Mark Leckey, GreenScreenRefrigeratorAction, 2010.
Inanimate objects finally come to life, or rather they are given intentions, as companies such as Samsung connect them. Nowadays, who is surprised to see a refrigerator of the same brand being “intelligent”, as our smartphones already are? Its blackness, in Mark Leckey’s Green Screen Refrigerator Action installation of 2010, gives it the air of a monolith inevitably coming from an elsewhere. But the latter expresses itself in the first person, and the artist himself lends him his voice digitally transformed. This talking refrigerator thrones in the middle of a green set, which is widely used in cinema as in advertising when it comes to create situations. The intelligence that we give to our daily objects still needs staging. Without it, we would only hear a litany of words without trying to pay attention to it. Would the combination of the words “artificial” and “intelligence” not be enough to throw us into an ideal where all the components of our close environments would immediately be answering to our least desire and without anything in return?
Hito Steyerl, How Not to be Seen. A Fucking Didactic Educational .MOV File, 2013.
In the exhibition, Hito Steyerl is here through her Liquidity Inc installation, while Eva Respini quotes her video sequence entitled How Not to be Seen in the States of Surveillance catalog section. It is a sequence in which voices’ absolute neutrality, as images’ relative lightness, are at the service of the art of disappearance. It is a sort of documentary at the age of the generalization of tutorials, which actively participate in the culture of the digital natives. Here, it is still about the green, of which we know the ability to help mask beings, objects or even settings in post-production. As of surveillance, it is mentioned by the recurring of a pattern designed by the United States army in 1951 in order to test the efficiency of aerial photography. This pattern, which was abandoned with the advent of digital allowing a higher level of detail, evokes the world of yesterday that is disappearing. As this Californian desert fragment, still covered by this same pattern, which is used as a setting for director Hito Steyerl’s movie, whose tutorial is resolutely political.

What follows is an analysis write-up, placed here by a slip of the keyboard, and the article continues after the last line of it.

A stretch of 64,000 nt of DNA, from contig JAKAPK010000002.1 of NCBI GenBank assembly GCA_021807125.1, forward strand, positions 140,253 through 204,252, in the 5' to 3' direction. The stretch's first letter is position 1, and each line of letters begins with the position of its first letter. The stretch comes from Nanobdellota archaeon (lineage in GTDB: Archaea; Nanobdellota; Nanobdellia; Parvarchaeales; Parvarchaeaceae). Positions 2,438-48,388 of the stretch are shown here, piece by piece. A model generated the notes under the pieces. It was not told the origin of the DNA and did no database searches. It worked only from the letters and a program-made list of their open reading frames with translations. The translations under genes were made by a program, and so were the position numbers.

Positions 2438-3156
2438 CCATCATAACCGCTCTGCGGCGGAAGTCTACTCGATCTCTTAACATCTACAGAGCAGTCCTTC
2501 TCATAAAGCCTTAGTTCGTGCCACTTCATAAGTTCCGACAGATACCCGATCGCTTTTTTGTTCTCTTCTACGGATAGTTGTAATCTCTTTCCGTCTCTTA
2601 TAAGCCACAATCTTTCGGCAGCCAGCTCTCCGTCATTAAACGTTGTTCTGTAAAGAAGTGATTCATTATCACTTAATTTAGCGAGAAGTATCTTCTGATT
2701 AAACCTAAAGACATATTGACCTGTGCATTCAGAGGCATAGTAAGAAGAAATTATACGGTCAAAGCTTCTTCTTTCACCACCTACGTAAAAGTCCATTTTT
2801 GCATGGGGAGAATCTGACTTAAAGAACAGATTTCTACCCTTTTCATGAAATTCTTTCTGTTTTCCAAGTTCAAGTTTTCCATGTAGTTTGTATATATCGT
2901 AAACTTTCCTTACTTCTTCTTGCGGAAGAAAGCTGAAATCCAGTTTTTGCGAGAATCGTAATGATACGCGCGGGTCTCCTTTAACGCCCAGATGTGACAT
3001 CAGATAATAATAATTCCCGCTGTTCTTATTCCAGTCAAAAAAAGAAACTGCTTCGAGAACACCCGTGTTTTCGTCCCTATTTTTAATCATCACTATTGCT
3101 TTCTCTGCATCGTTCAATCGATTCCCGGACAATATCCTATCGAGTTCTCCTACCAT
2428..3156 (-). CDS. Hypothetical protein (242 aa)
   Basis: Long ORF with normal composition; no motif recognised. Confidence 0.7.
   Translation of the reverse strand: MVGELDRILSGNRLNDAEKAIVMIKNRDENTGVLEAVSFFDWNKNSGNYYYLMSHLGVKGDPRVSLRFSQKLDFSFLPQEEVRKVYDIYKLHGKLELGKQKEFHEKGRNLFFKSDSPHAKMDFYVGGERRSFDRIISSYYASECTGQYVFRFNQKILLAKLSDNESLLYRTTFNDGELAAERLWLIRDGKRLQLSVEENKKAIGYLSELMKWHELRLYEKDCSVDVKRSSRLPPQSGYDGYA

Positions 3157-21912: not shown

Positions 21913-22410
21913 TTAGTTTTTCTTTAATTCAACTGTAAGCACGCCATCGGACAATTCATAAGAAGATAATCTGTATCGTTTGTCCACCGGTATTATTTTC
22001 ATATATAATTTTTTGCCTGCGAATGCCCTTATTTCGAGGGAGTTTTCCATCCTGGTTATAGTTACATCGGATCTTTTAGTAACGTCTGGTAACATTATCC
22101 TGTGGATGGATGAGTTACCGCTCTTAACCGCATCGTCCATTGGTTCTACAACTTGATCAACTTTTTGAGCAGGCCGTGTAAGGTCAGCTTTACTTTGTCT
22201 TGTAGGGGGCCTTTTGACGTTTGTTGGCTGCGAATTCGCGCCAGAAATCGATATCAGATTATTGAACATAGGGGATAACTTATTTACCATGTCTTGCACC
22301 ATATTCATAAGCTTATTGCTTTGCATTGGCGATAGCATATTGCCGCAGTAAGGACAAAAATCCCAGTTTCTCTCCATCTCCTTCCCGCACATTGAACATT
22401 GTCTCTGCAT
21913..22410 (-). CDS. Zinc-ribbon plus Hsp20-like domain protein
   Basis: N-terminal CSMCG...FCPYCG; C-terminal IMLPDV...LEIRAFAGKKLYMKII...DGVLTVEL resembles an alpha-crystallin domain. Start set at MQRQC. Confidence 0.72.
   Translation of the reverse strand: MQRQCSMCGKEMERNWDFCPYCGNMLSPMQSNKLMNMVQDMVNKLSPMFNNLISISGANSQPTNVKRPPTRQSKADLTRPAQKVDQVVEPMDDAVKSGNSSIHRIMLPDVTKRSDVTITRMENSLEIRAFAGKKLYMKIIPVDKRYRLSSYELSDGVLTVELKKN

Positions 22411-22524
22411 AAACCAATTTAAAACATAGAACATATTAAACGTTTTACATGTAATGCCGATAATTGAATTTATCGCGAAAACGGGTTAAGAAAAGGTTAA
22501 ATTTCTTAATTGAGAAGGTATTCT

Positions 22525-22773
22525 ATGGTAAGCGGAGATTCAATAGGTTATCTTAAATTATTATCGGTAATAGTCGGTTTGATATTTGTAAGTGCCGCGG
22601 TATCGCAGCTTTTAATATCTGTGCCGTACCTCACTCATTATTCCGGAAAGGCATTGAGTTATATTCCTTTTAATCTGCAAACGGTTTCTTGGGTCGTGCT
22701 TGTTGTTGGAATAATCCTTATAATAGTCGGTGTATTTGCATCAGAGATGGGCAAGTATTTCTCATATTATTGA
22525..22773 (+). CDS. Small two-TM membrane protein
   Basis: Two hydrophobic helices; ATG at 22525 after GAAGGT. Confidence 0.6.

DIS, Watermarked, 2012.
In this exhibition, artists such as DIS collective, of which we know the ability to move the lines between art, media, fashion and brands, approach the question of identity. The video sequence offered in this museum context is entitled Watermarked (2012). It has also interested the fashion world, which recognizes a lookbook parody. The Kenzo watermark is stamped in this video sequence and we are encouraged to recognize the brand’s values. Young people, with stereotyped gestures and of whom the diversity recalls the 1990s’ Benetton ads, display forced smiles. A music alluding to institutional communication is in coherence with the extreme perfection of this presumed advertising announcement. The stereotypical style, by the members of the DIS collective, is here to denounce the visual identities that are imposed by brands. And it is with some cynicism that they move the lines, going from one world to another. Their continuing back-and-forth between the art sphere and the brands sector makes the reading of their message more complicated. Let us also mention that the Kenzo brand belongs to the LVMH group, managed by Bernard Arnault, an art collector who is widely appreciated by galleries and institutions!
Frank Benson, Juliana, 2014-2015.
Let us end with this sculpture representing intersex artist Juliana Huxtable by Frank Benson. We inevitably think of the Sleeping Hermaphrodite at the Louvre museum, which is a Roman copy of a Greek statute, dating back to the 2nd century BC. But Juliana, as it is the title of the work, is staring at us while affirming her intersexualization. Moreover, her three-dimensional representation is as close as possible to reality, because it comes from both scanning and printing that are possible through today’s 3D technologies. Its metallic colors certainly helped this image of “Juliana” spread on the Internet. Considering that the LGBT community seized it. Digital having revolutionized image and sound practices, it is now sculpture that is evolving more and more as technological innovations enter artist’s studios. Institutions such as ICA Boston are taking this into consideration through exhibitions such as “Art In The Age Of The Internet, 1989 To Today”. This event, without any doubt, will be remembered thanks to a 300 page catalog as documentation to make the exhibition last.